Peter: So to get on a bill, you have to be very well known.
Natsuko: Yes.
Peter: Unfortunately he was replaced some years later but yeah, very well known writer and in addition to writing, what else did he do or what kind of writing? He wrote novels.
Natsuko: Yeah he also wrote Haiku.
Peter: The Japanese style poem which is five syllables, seven syllables and five syllables.
Natsuko: And Chinese style poetry.
Peter: Yes I read that. Initially he was interested in Chinese literature.
Natsuko: Uhoo.
Peter: So at a very young age, he studied a lot of Chinese literature.
Natsuko: Yes and that means he was very intellectual because to learn Chinese in Japan, it’s like learning Latin in western countries.
Peter: Yeah to call him an intellectual is right on the money because after that, he went on to study English. He studied in Britain correct?
Natsuko: Yes.
Peter: So Japanese, Chinese, English very well versed and Natsuko, it says here that he also wrote about fairy tales.
Natsuko: I am not sure you call that fairy tales but his novel is as you can you know expect from the cat story, a very imaginative and actually he wrote some short works about his dream.
Peter: Wow and this is one of the reasons that he is this well known, very cutting edge stuff especially for his time.
Natsuko: Yes.
Peter: Now I am wondering. Natsuko san, maybe you could help me out and Yoshi san, maybe you can help me out. When he was writing this stuff at that time, was he considered very well known or like many western writers, they become well known after they pass away.
Natsuko: He was well known and he was kind of very top class scholar in Japan.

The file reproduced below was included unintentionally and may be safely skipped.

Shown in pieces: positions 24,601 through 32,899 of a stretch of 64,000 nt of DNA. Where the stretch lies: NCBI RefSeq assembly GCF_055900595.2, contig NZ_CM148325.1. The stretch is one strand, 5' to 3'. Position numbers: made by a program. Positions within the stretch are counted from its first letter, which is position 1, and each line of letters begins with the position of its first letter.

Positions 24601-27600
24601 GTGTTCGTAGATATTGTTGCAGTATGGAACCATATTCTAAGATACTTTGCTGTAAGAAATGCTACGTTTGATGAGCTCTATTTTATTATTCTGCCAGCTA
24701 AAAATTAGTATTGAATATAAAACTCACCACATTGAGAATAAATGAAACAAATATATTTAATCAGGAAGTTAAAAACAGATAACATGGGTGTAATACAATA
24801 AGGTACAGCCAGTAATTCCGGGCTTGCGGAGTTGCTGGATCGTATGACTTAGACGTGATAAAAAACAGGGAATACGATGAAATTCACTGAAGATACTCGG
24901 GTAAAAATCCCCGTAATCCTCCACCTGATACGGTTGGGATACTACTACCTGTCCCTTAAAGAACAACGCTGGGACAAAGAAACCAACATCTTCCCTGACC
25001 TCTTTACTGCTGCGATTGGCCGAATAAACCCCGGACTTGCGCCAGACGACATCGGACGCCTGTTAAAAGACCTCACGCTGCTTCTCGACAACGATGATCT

Peter: Yoshi san, when did you first come into contact with this writer 漱石?
Yoshi: They teach you about him in school.
Peter: What level school?
Yoshi: I knew him when I was in elementary school.
Peter: Yoshi san, you went to some really top class schools, didn’t you?
Yoshi: No he is so famous that they teach you about him like everyone should know about him in Japan.
Peter: So did you come into contact with him, the person or his work.
Yoshi: With his name.
Peter: Yeah. Okay so let me rephrase this. When did you first come in contact with his work?
Yoshi: I think in junior high school.
Natsuko: Yeah me too. I think I first tried to read "I am a cat" when I was in junior high school.
Peter: By yourself or in the school?
Natsuko: By myself and actually Japanese high school classes teach こころ in their classroom.
Peter: So it’s mandatory reading.
Natsuko: Yes.
Peter: So that’s why everybody knows about this story.
Natsuko: Yes.
Peter: Well everybody who studied at a Japanese high school. Now maybe you can tell us a bit about the story. A synapses of what’s going on in こころ well just like an outline, the character, anything.
Natsuko: Well it’s a pretty long and complicated story but it’s about this sensei…
Peter: A teacher?
Natsuko: Yes, more like a mentor, yeah and this person sensei is very humble and well known person, very intellectual person but a young man who was the follower of this sensei finds out about his past which is
Peter: Which is – tell us those…
Natsuko: Maybe you better read and find out by yourself but just… Well yeah this…
Peter: No, no I think that’s perfect. So just like my mother, she used to always tell me just enough to get me interested and then just stop there. I never really went and read the books but….interesting. So about a mentor with a past.
Natsuko: Yes involving of course a woman.